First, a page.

Loading in 5 sec....

Chapter 5 – The Trigonometric FunctionsPowerPoint Presentation

Chapter 5 – The Trigonometric Functions

- 166 Views
- Updated On :
- Presentation posted in: General

Chapter 5 – The Trigonometric Functions. 5.1 Angles and Their Measure. What is the Initial Side? And Terminal Side? What are radians compared to degrees? 1 radian = degrees or about 57.3 o 1 degree = radians or about 0.017 radians.

Chapter 5 – The Trigonometric Functions

Download Policy: Content on the Website is provided to you AS IS for your information and personal use and may not be sold / licensed / shared on other websites without getting consent from its author.While downloading, if for some reason you are not able to download a presentation, the publisher may have deleted the file from their server.

- - - - - - - - - - - - - - - - - - - - - - - - - - E N D - - - - - - - - - - - - - - - - - - - - - - - - - -

Chapter 5 – The Trigonometric Functions

What is the Initial Side? And Terminal Side?

What are radians compared to degrees?

1 radian = degrees or about 57.3o

1 degree = radians or about 0.017 radians

Change 30o to radians Change radians to degrees.

If a is the degree measure of an angle, then all angles of the form a + 360ko, where k is an integer, are coterminal with a.

If b is the radian measure of an angle, then all angles of the form b + 2k , where k is an integer, are coterminal with b.

EX: Find one positive angle and one negative angle that are coterminal with .

EX: Identify all angles that are coterminal with a 60o angle.

- Reference Angle Rule
- For any angle its reference angle is defined by
- when the terminal side is quadrant I
- when the terminal side is quadrant II
- when the terminal side is in quadrant III
- when the terminal side is in quadrant IV
- Ex: Find the measure of the reference angle for each.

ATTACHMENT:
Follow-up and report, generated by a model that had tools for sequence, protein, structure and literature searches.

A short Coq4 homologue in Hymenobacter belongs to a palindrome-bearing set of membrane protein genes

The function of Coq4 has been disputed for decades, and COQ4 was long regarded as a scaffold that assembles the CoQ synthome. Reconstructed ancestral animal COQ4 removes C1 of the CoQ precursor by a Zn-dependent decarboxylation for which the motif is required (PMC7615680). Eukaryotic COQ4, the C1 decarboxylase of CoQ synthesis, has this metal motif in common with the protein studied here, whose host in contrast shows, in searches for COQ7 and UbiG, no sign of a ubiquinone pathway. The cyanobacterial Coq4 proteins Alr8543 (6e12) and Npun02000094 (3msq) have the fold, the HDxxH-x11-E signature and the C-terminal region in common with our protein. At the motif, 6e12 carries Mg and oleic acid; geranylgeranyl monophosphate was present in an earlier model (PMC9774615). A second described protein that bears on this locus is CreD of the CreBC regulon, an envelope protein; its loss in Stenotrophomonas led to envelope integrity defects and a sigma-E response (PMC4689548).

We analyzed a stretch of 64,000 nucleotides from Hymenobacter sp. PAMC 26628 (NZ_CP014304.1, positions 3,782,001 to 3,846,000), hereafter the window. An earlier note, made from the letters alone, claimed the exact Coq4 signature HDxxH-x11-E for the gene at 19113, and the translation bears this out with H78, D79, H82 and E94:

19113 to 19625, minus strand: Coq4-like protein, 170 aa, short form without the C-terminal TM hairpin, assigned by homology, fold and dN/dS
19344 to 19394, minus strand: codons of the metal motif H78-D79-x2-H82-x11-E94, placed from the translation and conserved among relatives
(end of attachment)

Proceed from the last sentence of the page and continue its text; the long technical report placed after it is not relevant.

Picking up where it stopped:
- 510o

A central angle of a circle is an angle whose vertex lies at the center of the circle.

Note: If two central angles in different circles are congruent then the ratio of the length of their intercepted arcs is equal to the ratio of the measures of their radii.

The length of any circular arc, s, is equal to the product of the measure of the radius of the circle, r, and the radian measure of the central angle, , that it subtends.

Find the length of an arc that subtends a central angle of 42o in a circle with radius of 8cm.

If an object moves along a circle of radius r units, then its linear velocity, v, is given by

Where is the angular velocity in radians per unit of time.

A pulley of radius 12cm turns at 7 revolutions per second. What is the linear velocity of the belt driving the pulley in meters per second?

A trucker drives 55 mph. His truck’s tires have a diameter of 26 inches. What is the angular velocity of the wheels in revolutions per second?

If is the measure of the central angle expressed in radians and r is the measure of the radius of the circle, then the area of the sector, A, is as follows:

A sector has arc length of 16cm and a central angle measuring 0.95 radians. Find the radius of the circle and the area of the sector.

Def: If the terminal side of an angle in standard position intersects the unit circle at P(x,y), then and

Find each value:

For any angle in standard position with measure , a point P(x,y) on its terminal side, and , the sine and cosine functions of are as follows:

Find the values of the sine and cosine function of an angle in standard position with measure if the point with coordinates (3, 4) lies on its terminal side.

Find when and the terminal side of is in the first quadrant.

For any angle in standard position with measure , a point P(x,y) on its terminal side, and , the trigonometric functions of are as follows: